Chris Hadfield

Chris Hadfield stole the show at Dublin Tech Summit 2019

This year’s Dublin Tech Summit followed much of the themes of previous years – Irish start-ups trying to find their footing, one or two big names giving a talk and a lot of posturing companies attempting to find the next big thing. That’s not to say that it’s a bad event, not at all. Despite some of its shortcomings, Dublin Tech Summit 2019 was an enjoyable experience, although one man, Chris Hadfield, stole the show.

Chris Hadfield

Colonel Chris Hadfield, Canada’s first man in space, is best known for his rendition of David Bowie’s “Space Oddity”, the first music video to ever be made in space. Hadfield followed it up with an album called “Space Sessions: Songs From a Tin Can”, but the man is more than a musician. Speaking at great length about the difficulties of leadership, his experience in space travel and being the commander of the International Space Station for two years has meant that he has had to undertake a leadership role that, arguably, surpasses the stress levels of basically any other job here on Earth. Not only is he the sole commander of one of the world’s greatest inventions, but that makes him in charge of the world’s greatest collaborative effort as well. His failing could damage relations with other space agencies across the globe, a heavy burden to bear.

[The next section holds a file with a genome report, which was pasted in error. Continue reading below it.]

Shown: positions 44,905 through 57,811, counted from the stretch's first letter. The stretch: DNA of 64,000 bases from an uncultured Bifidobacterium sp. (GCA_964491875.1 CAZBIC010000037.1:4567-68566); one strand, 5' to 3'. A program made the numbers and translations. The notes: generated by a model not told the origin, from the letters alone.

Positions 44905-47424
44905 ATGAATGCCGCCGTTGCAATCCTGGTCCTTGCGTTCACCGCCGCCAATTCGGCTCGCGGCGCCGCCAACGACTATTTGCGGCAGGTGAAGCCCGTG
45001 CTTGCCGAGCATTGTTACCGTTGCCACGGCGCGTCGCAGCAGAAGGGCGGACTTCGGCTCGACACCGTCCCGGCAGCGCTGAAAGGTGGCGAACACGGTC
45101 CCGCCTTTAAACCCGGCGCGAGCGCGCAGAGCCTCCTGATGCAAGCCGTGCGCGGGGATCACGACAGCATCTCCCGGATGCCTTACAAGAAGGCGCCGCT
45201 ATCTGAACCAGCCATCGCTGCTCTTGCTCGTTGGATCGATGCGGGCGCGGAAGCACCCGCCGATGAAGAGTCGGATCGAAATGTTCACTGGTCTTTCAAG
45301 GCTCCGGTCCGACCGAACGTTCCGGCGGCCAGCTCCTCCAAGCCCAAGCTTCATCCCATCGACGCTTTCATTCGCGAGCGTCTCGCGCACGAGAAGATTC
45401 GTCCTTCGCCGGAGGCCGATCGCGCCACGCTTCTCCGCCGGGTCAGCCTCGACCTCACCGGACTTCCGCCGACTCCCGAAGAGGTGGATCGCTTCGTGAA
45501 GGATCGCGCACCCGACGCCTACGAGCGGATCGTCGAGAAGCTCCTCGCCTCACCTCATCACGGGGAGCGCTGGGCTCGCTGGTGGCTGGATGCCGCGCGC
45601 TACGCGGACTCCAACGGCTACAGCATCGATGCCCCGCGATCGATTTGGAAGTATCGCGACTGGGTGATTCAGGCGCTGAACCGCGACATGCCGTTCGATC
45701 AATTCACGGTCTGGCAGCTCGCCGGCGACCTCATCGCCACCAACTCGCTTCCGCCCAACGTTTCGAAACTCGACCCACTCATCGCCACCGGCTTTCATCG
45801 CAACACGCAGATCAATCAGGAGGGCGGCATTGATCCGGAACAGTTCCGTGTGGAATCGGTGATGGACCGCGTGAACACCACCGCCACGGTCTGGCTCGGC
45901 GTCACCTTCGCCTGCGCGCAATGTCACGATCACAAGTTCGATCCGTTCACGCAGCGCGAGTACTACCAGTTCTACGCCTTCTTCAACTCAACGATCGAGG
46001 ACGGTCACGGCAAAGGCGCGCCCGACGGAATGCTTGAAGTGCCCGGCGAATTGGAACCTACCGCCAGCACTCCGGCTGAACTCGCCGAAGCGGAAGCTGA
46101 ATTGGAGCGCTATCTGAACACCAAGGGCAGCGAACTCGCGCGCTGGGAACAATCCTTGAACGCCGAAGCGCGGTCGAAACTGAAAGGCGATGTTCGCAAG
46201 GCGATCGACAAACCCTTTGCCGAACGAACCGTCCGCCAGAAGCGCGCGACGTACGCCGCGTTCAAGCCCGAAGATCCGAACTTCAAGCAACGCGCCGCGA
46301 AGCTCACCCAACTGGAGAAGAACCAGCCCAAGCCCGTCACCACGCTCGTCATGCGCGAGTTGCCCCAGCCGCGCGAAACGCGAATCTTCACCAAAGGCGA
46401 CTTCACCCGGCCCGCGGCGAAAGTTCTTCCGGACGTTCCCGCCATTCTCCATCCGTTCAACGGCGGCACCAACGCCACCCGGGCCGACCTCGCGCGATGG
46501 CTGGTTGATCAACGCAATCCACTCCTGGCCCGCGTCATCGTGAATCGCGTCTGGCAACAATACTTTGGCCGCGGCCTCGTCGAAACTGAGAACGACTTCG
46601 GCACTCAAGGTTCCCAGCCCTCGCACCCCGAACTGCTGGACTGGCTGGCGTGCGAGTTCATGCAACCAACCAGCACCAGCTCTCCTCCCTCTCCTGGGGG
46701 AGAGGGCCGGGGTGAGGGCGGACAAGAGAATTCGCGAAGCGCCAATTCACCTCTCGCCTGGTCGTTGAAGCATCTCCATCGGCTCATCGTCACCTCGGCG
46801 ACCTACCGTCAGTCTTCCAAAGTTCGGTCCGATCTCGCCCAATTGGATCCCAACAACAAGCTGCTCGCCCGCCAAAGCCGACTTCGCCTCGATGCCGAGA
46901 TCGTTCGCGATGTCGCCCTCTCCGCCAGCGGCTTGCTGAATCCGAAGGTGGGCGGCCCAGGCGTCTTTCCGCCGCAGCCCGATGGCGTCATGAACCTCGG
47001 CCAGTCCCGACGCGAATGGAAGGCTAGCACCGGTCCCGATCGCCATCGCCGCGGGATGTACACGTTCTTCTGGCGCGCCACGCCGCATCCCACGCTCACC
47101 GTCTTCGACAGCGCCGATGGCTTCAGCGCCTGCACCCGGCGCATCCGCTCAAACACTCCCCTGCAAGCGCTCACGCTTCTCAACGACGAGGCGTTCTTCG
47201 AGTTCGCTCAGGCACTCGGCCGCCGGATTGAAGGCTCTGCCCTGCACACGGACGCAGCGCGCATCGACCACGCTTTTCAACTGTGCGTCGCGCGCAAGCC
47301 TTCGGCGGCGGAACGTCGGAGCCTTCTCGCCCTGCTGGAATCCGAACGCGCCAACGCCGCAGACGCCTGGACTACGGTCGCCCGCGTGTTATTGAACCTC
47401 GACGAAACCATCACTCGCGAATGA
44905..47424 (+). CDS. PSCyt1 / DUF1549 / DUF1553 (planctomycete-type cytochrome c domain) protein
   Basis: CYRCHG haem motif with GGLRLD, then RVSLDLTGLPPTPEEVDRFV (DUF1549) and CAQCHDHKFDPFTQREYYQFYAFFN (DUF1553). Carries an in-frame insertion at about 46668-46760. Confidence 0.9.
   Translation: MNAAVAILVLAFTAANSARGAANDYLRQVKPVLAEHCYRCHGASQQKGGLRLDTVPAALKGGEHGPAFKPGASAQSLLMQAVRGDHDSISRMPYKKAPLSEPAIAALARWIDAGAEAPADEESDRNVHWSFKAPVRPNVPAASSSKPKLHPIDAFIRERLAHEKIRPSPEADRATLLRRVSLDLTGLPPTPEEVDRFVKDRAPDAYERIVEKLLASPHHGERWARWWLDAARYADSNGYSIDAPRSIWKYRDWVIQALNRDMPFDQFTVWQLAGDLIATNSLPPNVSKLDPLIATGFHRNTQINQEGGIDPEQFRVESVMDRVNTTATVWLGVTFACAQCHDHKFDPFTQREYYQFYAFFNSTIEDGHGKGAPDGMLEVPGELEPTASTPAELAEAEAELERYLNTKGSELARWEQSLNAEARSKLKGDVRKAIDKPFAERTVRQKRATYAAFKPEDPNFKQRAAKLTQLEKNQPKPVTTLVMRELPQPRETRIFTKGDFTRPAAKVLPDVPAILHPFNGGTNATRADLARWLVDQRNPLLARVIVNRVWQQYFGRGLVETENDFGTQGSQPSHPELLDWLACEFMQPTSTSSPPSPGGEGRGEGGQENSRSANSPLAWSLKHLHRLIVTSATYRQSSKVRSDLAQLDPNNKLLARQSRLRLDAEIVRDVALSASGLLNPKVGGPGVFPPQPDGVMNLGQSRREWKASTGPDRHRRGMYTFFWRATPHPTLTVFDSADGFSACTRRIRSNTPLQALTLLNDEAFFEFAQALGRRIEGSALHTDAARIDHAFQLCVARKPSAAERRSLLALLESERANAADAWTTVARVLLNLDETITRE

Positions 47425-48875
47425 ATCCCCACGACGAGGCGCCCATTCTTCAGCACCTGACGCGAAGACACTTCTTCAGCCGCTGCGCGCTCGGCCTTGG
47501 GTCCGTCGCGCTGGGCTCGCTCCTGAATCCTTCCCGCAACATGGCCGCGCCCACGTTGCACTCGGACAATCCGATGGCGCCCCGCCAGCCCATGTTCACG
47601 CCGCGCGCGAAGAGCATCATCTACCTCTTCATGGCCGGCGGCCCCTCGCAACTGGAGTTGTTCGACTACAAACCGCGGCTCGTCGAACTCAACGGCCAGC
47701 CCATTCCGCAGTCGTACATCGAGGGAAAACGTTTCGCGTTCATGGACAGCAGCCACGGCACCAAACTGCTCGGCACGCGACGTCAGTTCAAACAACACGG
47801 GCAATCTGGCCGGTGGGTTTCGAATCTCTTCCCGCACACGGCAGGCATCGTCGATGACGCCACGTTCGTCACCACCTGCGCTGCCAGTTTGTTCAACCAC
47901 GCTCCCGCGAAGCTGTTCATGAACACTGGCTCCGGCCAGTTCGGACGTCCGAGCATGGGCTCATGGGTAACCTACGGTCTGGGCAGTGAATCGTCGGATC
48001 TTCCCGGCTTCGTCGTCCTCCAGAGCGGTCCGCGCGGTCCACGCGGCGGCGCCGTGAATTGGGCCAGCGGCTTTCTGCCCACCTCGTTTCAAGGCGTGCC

And that’s without the risk of death associated with pretty much all aspects of space travel. Hadfield talks in depth about the challenges faced even in take-off. “We burn 12 tonnes of fuel a second during take-off… that’s just stupid, that’s just brute force”, Hadfield says, later pointing out that the process is nowhere near perfect either. “If anything goes wrong, that’s it. It’s sad, maybe they’ll name a school after you”. It’s a morbid look at the lives of these astronauts, yet it does make sense. While we have worked as a species to advance so much in space travel technologies, we haven’t perfected it at all. We face challenges every step of the way, and early success, Hadfield says, is a terrible thing.

This talk was the star of Dublin Tech Summit for myself and Jack Price. I’ve attended a lot of events, but Hadfield’s talk surpasses pretty much any other that I’ve been to. It was absolutely fantastic. He has plenty of talks that he has conducted over the years, so if you’re interested you can go on YouTube and search for them. We’re looking forward to next year’s Dublin Tech Summit!

An Irish technology fanatic with a BSc in Computer Science. Lover of smartphones, cybersecurity, and Counter-Strike. You can contact me at adam.conway@irishtech.ie.
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